Friendships end. Relationships crash and burn. These are two timeless truths of life. Growing up, I always focused on my own pain and anger when I would lose someone close to me- whether it be from an argument, time taking it’s toll, distance or simply not being right for each other- I never tried to see my own wrongdoings or the positive insight you can get from a relationship coming to an end.
Recently, however, I have started to focus on some of the tougher internal conversations regarding these falling-outs. What actions of mine contributed to the failed friendship? Not only ‘How did this person wrong me?’ but also ‘How did I wrong this person?’. Which of my traits contribute toxicity to a relationship? How did this extremely painful loss better me as a person?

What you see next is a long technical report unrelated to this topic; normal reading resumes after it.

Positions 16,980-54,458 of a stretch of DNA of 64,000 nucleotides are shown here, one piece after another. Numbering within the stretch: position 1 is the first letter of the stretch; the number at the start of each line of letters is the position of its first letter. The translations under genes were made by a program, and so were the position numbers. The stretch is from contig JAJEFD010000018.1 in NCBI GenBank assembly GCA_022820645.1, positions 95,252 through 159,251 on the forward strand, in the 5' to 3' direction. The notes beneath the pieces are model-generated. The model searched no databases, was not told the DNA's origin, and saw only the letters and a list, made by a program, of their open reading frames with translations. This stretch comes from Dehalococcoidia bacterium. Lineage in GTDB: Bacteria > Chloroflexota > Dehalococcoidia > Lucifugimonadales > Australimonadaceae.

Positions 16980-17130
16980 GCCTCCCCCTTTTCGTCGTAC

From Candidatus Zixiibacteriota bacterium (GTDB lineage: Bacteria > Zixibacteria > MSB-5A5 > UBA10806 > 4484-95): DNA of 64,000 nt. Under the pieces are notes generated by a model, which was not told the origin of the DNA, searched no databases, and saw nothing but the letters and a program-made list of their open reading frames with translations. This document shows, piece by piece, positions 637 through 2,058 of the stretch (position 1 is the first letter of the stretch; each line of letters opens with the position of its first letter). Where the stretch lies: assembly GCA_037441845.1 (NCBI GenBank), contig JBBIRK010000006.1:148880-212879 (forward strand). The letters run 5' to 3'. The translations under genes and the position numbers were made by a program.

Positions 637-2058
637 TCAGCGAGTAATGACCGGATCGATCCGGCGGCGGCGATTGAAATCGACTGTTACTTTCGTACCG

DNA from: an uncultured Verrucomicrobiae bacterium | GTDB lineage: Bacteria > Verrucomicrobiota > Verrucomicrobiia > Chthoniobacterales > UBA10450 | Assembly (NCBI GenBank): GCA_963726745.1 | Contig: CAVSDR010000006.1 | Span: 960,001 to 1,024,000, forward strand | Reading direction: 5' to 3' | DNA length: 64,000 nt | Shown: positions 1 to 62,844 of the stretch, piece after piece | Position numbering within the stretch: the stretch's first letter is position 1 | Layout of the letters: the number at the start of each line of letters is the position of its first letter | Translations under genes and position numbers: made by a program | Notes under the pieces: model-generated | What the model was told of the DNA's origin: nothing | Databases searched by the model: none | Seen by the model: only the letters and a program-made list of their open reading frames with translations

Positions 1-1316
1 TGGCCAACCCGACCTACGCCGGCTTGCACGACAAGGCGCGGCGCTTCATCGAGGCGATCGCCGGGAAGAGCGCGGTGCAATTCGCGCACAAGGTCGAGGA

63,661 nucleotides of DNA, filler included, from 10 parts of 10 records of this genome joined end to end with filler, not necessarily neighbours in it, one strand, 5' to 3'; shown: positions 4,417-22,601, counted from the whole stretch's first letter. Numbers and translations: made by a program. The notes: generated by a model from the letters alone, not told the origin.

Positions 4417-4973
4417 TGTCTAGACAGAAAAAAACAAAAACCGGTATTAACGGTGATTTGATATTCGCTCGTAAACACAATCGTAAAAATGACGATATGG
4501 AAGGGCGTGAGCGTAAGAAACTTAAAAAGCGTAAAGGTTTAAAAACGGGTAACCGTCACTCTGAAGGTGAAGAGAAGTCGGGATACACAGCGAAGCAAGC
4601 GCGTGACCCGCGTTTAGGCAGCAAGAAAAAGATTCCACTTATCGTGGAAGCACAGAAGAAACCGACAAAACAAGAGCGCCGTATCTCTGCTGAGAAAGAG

My first love. I had never really dated anyone before. Somewhat foolishly, I thought he was the one. I genuinely thought we’d last, despite awkwardly being forced to join him at church and not being on the same wavelength about what we wanted (he was pretty clear about his religious expectations in a relationship). After a year of dating, we both prepared to go off to college. Though neither of us would be going far away (we stayed at schools close to home), he blamed our breakup on ‘distance’. I was devastated. Distance?? We were literally 30 minutes apart. As time passed, I healed. I came to understand he wasn’t right for me, and I wasn’t right for him. I learned that blaming the breakup on distance was not entirely truthful- our religious incompatibility was a huge factor. This infuriated me when I found out, but I have since realized he saved us both from even more pain down the line. We simply weren’t right for each other.